The Wolf of Wall Street

December 2013

I have no doubt that high-rolling stock brokers live the way Leonardo DiCaprio’s character,  Jordan Belfort, does in this film.  I also have no doubt that, like Burt Lancaster’s Elmer Gantry, they actually believe their own hype.  They believe that making money selling dreams is okay even if they also know the dream is more of a nightmare.  And I have no doubt that cocaine, alcohol and pot are common ingredients at parties among this strange breed of humans.

I also have no doubt that Martin Scorcese is an overrated director.  He has some good visual techniques and some story telling ability, but he doesn’t know when to stop and he has shown this over and over in his films.  Even Goodfellas, which was, arguably, his best, went on too long.  The Wolf of Wall Street goes on WAY too long.  Three hours to tell this story?  I don’t think so.  He just doesn’t know when to quit.  And that is essential in every art form.  Whether you paint, or write songs or books or plays or make movies, you have to know when to quit.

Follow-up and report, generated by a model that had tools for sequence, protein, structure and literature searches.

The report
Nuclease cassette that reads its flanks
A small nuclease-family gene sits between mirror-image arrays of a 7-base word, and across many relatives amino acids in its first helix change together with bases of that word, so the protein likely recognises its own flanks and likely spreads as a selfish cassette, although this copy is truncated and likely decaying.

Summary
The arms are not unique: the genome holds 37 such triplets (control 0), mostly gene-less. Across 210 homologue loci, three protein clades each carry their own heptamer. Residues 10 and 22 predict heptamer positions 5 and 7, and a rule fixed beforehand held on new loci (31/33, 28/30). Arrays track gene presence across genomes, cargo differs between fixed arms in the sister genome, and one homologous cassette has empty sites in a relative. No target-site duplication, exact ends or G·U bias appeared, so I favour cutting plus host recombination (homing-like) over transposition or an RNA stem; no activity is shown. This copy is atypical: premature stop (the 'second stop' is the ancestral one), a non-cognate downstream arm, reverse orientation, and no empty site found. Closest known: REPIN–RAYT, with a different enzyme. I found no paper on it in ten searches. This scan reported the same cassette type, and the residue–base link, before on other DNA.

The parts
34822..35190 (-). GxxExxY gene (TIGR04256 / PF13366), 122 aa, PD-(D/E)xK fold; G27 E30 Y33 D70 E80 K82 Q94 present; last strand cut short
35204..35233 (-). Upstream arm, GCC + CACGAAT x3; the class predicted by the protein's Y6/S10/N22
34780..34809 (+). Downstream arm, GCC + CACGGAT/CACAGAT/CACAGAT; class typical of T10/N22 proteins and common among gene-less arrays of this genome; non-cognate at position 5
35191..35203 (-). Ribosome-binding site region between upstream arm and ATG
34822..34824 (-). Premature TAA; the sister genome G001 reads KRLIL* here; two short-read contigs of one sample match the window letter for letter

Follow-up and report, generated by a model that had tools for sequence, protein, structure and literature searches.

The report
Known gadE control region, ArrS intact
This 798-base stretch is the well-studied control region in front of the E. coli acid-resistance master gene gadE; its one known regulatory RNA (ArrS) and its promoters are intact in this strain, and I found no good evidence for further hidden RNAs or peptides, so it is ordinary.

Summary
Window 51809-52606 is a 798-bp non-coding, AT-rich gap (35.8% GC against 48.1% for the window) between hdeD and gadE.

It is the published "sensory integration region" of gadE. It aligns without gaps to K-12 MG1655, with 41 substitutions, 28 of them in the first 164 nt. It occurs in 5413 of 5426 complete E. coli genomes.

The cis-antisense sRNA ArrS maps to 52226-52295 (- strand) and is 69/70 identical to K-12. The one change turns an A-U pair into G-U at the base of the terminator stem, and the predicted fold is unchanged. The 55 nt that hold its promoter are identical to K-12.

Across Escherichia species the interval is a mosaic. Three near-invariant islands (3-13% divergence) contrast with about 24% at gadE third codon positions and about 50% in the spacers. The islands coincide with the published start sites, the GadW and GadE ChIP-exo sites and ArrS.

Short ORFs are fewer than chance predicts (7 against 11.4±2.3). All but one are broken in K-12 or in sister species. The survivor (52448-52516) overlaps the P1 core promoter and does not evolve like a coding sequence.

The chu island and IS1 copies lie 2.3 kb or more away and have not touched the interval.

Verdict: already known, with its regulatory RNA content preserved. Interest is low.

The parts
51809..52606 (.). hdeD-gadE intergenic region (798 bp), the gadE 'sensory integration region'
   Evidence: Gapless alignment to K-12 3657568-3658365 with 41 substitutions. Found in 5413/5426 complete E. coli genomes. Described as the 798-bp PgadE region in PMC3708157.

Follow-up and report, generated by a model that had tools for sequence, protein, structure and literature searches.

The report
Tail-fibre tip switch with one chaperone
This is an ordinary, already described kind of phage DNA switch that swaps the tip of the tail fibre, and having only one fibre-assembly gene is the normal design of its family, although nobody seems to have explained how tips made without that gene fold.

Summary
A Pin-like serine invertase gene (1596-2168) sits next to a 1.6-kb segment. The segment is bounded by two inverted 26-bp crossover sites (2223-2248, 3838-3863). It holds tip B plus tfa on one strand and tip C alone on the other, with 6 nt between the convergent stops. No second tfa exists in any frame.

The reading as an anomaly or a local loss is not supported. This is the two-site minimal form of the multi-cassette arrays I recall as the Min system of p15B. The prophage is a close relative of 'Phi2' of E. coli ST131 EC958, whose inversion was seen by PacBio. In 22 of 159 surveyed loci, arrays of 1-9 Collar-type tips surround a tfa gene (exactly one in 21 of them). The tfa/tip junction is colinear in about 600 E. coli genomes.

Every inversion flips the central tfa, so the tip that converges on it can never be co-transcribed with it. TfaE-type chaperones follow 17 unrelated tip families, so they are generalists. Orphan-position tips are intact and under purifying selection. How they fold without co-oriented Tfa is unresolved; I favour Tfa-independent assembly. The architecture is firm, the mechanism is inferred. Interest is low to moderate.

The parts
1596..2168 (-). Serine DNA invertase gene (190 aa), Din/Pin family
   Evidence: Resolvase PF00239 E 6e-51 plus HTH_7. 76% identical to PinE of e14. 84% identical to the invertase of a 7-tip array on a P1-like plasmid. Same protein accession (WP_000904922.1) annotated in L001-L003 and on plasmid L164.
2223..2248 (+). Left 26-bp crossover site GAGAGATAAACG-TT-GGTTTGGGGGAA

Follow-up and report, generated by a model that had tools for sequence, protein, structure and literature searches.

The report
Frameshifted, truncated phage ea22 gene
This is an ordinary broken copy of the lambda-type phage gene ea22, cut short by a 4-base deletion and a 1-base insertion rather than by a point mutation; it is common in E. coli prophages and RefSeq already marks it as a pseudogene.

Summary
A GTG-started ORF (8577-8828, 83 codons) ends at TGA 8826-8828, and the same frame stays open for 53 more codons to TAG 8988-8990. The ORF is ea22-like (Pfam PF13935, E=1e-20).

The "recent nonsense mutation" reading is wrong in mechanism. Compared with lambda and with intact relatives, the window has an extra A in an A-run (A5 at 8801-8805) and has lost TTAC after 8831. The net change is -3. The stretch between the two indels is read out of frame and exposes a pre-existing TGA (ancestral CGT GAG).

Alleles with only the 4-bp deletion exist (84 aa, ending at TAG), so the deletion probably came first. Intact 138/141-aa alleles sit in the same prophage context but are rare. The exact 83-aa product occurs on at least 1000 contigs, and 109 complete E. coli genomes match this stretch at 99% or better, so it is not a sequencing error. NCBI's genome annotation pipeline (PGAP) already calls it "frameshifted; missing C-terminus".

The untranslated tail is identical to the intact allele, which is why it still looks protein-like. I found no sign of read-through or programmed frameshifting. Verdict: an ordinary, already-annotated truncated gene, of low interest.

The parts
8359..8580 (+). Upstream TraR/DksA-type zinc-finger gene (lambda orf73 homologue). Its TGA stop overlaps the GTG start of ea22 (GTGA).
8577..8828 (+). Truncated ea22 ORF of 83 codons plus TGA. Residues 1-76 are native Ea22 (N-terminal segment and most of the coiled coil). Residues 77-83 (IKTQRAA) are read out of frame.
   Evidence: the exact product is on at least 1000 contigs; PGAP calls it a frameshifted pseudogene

On the bright side, Leonardo DiCaprio is one of our best actors.  He takes this role and plays it with such range that I doubt there is any role he could not handle.  When he is a hyped up con-man, or pleading lover or scheming employer, he is utterly believable.  A decent – although imperfect – support cast carries it along, but there is no doubt that it is Leo’s show.  See it for his performance, if see it you must, but expect to want it to end long before it does.

Two stars is all I can give The Wolf of Wall Street, and if it weren’t for DiCaprio’s stellar performance even that would be too high.